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PostgreSQL – Block Structure

  • Last Updated : 28 Aug, 2020

PL/pgSQL is a block-structured language, therefore, a PL/pgSQL function or store procedure is organized into blocks.

Syntax:
[ <<label>> ]
[ DECLARE
    declarations ]
BEGIN
    statements;
    ...
END [ label ];

Let’s analyze the above syntax:

  • Each block has two sections: declaration and body. The declaration section is optional while the body section is required. The block is ended with a semicolon (;) after the END keyword.
  • A block may have an optional label located at the beginning and at the end. You use the block label in case you want to specify it in the EXIT statement of the block body or if you want to qualify the names of variables declared in the block.
  • The declaration section is where you declare all variables used within the body section. Each statement in the declaration section is terminated with a semicolon (;).
  • The body section is where you place the code. Each statement in the body section is also terminated with a semicolon.

Example:

The following example illustrates a very simple block,  also known as an anonymous block.

DO $$ 
<<first_block>>
DECLARE
  counter integer := 0;
BEGIN 
   counter := counter + 1;
   RAISE NOTICE 'The current value of counter is %', counter;
END first_block $$;
NOTICE:  The current value of counter is 1

The pgAdmin execution of the above block can be done by clicking on the execute button on the interface as depicted below:



psql block structure

Note: The DO statement does not belong to the block. It is used to execute an anonymous block. PostgreSQL introduced the DO statement since version 9.0.

In the declaration section, we declared a variable counter and set its value to zero. Inside the body section, we increased the value of the counter to one and output its value using the RAISE NOTICE statement. The first_block label is just for demonstration purposes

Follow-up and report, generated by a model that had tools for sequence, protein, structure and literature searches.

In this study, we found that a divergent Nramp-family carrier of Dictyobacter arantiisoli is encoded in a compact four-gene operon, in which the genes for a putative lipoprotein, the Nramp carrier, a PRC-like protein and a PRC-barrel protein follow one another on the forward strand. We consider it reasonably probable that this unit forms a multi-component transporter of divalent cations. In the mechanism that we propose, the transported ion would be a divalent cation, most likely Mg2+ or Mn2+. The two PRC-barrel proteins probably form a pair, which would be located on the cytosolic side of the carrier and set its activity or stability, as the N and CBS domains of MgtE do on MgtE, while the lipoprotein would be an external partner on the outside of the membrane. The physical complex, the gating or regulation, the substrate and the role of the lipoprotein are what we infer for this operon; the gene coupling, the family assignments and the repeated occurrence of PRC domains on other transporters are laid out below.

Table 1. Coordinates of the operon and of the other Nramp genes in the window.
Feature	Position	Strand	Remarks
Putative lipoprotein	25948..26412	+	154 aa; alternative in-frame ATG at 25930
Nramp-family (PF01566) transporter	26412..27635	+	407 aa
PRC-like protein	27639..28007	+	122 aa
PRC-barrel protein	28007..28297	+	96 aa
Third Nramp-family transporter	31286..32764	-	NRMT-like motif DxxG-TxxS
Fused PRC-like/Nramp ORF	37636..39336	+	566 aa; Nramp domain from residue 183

Concept of Double Dollar($$):

The double dollar ($$) is a substitution of a single quote (‘).  When you develop a PL/pgSQL block, a function, or a stored procedure, you have to pass its body in the form of a string literal. In addition, you have to escape all single quote (‘) in the body as follows:

DO
'<<first_block>>
DECLARE
  counter integer := 0;
BEGIN 
  
    counter := counter + 1;
    RAISE NOTICE ''The current value of counter is %'', counter;

END first_block';

If you use the double dollar ($$) you can avoid quoting issues. You can also use a token between $$ like  $function$ or $procedure$.

PL/pgSQL Subblock:

PL/pgSQL allows you to place a block inside the body of another block. This block nested inside another block is called subblock. The block that contains the subblock is referred to as an outer block.

psql block structure

The subblocks are used for grouping statements so that a large block can be divided into smaller and more logical subblocks. The variables in the subblock can have the names as the ones in the outer block, even though it is not a good practice.

When you declare a variable within a subblock with the same name as the one in the outer block, the variable in the outer block is hidden in the subblock. In case you want to access a variable in the outer block, you use a block label to qualify its name.

Example:

DO $$ 
<<outer_block>>
DECLARE
  counter integer := 0;
BEGIN 
   counter := counter + 1;
   RAISE NOTICE 'The current value of counter is %', counter;

   DECLARE 
       counter integer := 0;
   BEGIN 
       counter := counter + 10;
       RAISE NOTICE 'The current value of counter in the subblock is %', counter;
       RAISE NOTICE 'The current value of counter in the outer block is %', outer_block.counter;
   END;

   RAISE NOTICE 'The current value of counter in the outer block is %', counter;
   
END outer_block $$;

Output:

NOTICE:  The current value of counter is 1
NOTICE:  The current value of counter in the subblock is 10
NOTICE:  The current value of counter in the outer block is 1
NOTICE:  The current value of counter in the outer block is 1

Let’s analyze the above example:

  • First, we declared a variable named counter in the outer_block.
  • Then, before entering into the subblock, the value of the counter is one. In the subblock, we increased the value of the counter to ten and print it out. Notice that the change only affects the counter variable in the subblock.
  • After that, we referred to the counter variable in the outer block using the block label to qualify its name outer_block.counter
  • Finally, we printed out the value of the counter variable in the outer block, its value remains intact.
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